Volume 53 (2016) / Issue 3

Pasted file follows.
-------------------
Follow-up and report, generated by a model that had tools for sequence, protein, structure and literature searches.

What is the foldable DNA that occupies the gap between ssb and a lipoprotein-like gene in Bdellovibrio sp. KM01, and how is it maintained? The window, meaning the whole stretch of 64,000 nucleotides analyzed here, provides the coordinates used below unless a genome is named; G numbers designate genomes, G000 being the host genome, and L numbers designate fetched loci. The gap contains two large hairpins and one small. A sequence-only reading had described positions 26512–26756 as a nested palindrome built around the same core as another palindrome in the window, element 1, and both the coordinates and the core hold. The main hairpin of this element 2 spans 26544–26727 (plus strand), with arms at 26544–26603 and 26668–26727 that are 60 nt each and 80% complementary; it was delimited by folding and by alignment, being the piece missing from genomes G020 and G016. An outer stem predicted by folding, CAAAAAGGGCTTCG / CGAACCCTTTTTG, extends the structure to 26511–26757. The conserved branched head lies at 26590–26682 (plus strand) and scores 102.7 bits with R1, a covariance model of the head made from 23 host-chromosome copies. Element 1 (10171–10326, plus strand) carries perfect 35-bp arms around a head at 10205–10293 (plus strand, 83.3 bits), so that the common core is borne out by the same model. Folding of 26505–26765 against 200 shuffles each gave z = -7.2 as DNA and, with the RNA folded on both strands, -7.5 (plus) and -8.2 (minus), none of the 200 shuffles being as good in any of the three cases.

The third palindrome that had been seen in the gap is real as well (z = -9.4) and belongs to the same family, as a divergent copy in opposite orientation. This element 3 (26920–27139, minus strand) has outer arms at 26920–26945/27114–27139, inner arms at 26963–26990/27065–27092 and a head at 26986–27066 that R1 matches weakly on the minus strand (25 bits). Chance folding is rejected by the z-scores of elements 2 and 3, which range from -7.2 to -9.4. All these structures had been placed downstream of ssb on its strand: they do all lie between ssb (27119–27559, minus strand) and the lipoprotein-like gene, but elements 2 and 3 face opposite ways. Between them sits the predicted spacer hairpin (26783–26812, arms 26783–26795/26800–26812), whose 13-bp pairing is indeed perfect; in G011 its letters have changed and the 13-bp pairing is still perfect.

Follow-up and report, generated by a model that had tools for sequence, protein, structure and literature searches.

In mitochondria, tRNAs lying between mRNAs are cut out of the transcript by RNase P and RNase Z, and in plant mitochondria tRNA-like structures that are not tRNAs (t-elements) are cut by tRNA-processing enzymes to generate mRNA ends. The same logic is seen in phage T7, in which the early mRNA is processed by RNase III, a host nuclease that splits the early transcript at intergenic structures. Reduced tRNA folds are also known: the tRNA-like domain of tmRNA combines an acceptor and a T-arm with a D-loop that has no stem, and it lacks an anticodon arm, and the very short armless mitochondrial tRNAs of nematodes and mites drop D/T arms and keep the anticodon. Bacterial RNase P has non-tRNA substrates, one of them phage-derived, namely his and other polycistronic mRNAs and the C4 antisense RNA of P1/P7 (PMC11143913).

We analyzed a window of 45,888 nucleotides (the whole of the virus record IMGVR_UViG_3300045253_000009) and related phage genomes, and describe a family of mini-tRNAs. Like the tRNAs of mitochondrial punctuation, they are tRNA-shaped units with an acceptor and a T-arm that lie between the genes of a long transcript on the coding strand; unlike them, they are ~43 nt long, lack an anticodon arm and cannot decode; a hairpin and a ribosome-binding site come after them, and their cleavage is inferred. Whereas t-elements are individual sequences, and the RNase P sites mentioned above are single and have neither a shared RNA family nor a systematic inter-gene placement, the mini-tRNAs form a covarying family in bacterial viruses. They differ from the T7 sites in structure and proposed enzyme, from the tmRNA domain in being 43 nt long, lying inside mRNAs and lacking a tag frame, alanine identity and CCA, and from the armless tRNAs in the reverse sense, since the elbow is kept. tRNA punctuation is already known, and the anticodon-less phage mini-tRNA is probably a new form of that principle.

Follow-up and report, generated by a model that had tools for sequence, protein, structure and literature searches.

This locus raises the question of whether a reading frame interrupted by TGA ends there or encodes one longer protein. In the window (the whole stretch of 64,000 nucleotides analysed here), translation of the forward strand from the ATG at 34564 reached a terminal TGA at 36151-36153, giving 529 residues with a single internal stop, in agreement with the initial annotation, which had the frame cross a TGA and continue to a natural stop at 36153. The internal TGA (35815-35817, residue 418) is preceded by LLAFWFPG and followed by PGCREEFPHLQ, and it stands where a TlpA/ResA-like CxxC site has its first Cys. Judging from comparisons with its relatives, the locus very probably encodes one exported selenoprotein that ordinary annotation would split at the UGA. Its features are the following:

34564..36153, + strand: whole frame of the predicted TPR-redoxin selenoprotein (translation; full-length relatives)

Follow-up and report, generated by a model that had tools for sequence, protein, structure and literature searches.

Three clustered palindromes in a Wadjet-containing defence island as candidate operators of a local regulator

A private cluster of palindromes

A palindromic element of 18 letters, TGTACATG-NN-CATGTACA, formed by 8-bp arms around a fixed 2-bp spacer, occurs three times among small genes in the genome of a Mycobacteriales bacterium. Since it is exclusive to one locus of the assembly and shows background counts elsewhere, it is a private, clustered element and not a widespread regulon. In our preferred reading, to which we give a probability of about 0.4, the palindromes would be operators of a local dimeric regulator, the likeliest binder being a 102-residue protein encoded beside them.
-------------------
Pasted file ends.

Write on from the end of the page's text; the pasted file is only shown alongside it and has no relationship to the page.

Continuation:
The ECJ’s use of a breach/justification methodology to adjudicate tensions between free movement and fundamental rights has led to criticism that it prioritizes the former over the latter. While this article agrees that the structural presentation of fundamental rights as a “defence” to a prima facie restriction of free movement under the current adjudicative framework is problematic, it rejects the argument that this is evidence of some contestable subjective attitude on the part of the ECJ. Rather, it develops the position that the breach/justification model is the product of free movement’s historical and ongoing significance within EU law. Crucially, it explains the specific constitutional drivers – such as the expansion in free movement’s material and personal scope, the extension of its direct effect, and the strengthening of a decentralized enforcement system – that brought free movement into more frequent and more abrasive contact with fundamental rights. It is these developments that rendered the previously unproblematic breach/justification methodology a cause for concern.
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